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Seeing and Observing Part 1: A Tale of Two Trails

on August 5, 2012 - 8:15am
PEEC Amateur Naturalist
Column by Robert Dryja

Sherlock Holmes has a lesson for us. It is taken from the story “A Scandal in Bohemia”: “When I hear you give your reasons,” I remarked, “the thing always appears to me to be so ridiculously simple that I could easily do it myself, though at each successive instance of your reasoning, I am baffled until you explain your process. And yet I believe that my eyes are as good as yours.”

“Quite so,” Holmes answered, throwing himself down into an armchair. “You see, but you do not observe. The distinction is clear. For example, you have frequently seen the steps, which lead up from the hall to this room.”

“Frequently.”

“How often?”

“Well, some hundreds of times.”

“Then how many are there?”

“How many? I don’t know.”

Like Dr. Watson in the story, how many times do we see the natural world around us, but do not observe it?

Let us take a hike on two trails that are similar in their physical geology. Deer Trap Mesa with its trail is easily accessed from Barranca Mesa in Los Alamos.

However the second trail in which we are interested involves a drive on N.M. 4 into the Jemez Mountains.

There is a parking area shortly before the turnoff to the St. Peters Dome Road (FR 289.) The trail head is across the street from the parking lot.

This trail is identified only as a Cross Country Ski Trail on some maps. Both trails are on flat mesa tops and both are easy to hike. An eagle will fly about nine miles in a straight line between the two mesas.

Both mesas face toward the east. The views from the ends of the trails at the mesa tips are panoramic.

Two major differences are easy to see. The Cross-Country Ski Trail is on a mesa that has had two major forest fires pass through it in the past 12 years.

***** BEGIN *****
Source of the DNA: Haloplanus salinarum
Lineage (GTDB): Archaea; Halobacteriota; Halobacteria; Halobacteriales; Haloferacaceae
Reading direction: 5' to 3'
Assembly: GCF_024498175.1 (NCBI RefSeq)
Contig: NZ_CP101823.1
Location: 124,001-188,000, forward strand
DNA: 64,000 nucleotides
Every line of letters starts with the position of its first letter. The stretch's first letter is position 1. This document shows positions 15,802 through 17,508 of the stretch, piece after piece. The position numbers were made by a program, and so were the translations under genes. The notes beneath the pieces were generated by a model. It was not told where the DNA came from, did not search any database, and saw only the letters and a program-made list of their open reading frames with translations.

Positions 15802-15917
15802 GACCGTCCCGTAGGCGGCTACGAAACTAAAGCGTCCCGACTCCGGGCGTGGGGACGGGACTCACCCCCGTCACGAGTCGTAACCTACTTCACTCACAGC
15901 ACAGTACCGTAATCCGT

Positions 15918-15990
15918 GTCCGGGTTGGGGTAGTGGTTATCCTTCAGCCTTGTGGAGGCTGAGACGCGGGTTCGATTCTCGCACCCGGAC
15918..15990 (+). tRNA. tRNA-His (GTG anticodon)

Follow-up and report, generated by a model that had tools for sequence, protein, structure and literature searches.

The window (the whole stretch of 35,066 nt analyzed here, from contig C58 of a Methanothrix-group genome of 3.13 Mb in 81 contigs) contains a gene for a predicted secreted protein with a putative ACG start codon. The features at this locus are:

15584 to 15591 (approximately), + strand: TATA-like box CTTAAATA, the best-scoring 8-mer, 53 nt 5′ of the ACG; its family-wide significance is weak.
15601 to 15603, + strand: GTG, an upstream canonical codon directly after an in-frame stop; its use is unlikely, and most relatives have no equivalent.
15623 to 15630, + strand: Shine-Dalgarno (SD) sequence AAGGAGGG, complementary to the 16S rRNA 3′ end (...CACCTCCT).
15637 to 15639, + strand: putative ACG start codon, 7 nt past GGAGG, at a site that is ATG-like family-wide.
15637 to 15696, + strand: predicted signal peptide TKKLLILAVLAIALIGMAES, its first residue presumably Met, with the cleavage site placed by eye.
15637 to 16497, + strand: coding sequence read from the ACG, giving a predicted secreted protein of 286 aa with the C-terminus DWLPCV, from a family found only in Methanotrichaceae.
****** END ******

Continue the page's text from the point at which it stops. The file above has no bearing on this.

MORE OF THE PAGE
The Deer Trap Mesa Trail, in contrast, shows no sign of fire. The mature ponderosa trees at the base of this mesa may be 100 or more years old.

This suggests that there has been no forest fire here for perhaps centuries. This is what we see, but what can we observe?

The views from the Cross-Country Ski Trail and Deer Trap Mesa Trail. Photo by Robert Dryja/ladailypost.com

Observation shows that actually many areas of the Cross-Country Ski Trail have not been burnt in spite of the two recent fires.

Indeed there is only one area along the trail that appears to have been burnt twice. Other areas appear to have been burnt one time only or not all.

The fire from twelve years ago, the Cerro Grande, burnt large pine trees. Today their charred trunks have finally fallen to the ground.

The slow growth of mushrooms over the years on these fallen trunks also indicates that these trees were in the older fire. A mystery can be observed.

The fire went into the ground for some of these trees, burning tunnels where the roots had been. A distinctive set of holes has been created and the remains of the broken base of the trunk can be seen.

However, the rest of the burnt trunk is not to be seen. No sign of a burnt trunk can be seen on the ground around the hole.

How did the fire cause this? We now have an observation without an immediate answer.

Mushrooms on a charred trunk and a fire hole where roots had grown. Photo by Robert Dryja/ladailypost.com

Other areas show the return of plant life one year after the more recent fire, the Las Conchas Fire. A forest of young aspen trees has grown two to three feet high.

Observation shows a pattern to this growth. The trees grow in clusters about four feet apart and in curving lines. What is going on?

The young trees are growing up from the roots of an original tree. Perhaps some of the roots of the original tree spread in lines rather than spreading randomly.

These roots are protected by the soil above them from any fire. New aspen trees therefore can begin to grow immediately after a fire.

A final surprise is waiting at the tip of the mesas. All you need to do is observe what is growing at your feet at the edge of the cliff.

Cacti are growing in groups in what is a forest of trees. What are desert plants doing here? These cacti have been here a long time judging from their size and how slowly they grow.

Did some bird bring seeds back from Deer Trap Mesa? Can the same species of cacti be found at Deer Trap Mesa?

Observe the top of the cactus in the photograph and be prepared to look for something similar in my next column.

New aspen tree growth. Some of the new trees grow in a line, perhaps following the path of a straight root of a prior aspen tree. Photo by Robert Dryja/ladailypost.com

Cacti grow at the tip of the mesa of the Cross Country Ski Trail. Photo by Robert Dryja/ladailypost.com

Want to Learn More? If you are interested in hiking these two mesas, send an e-mail to robertdryja@msn.com.

 

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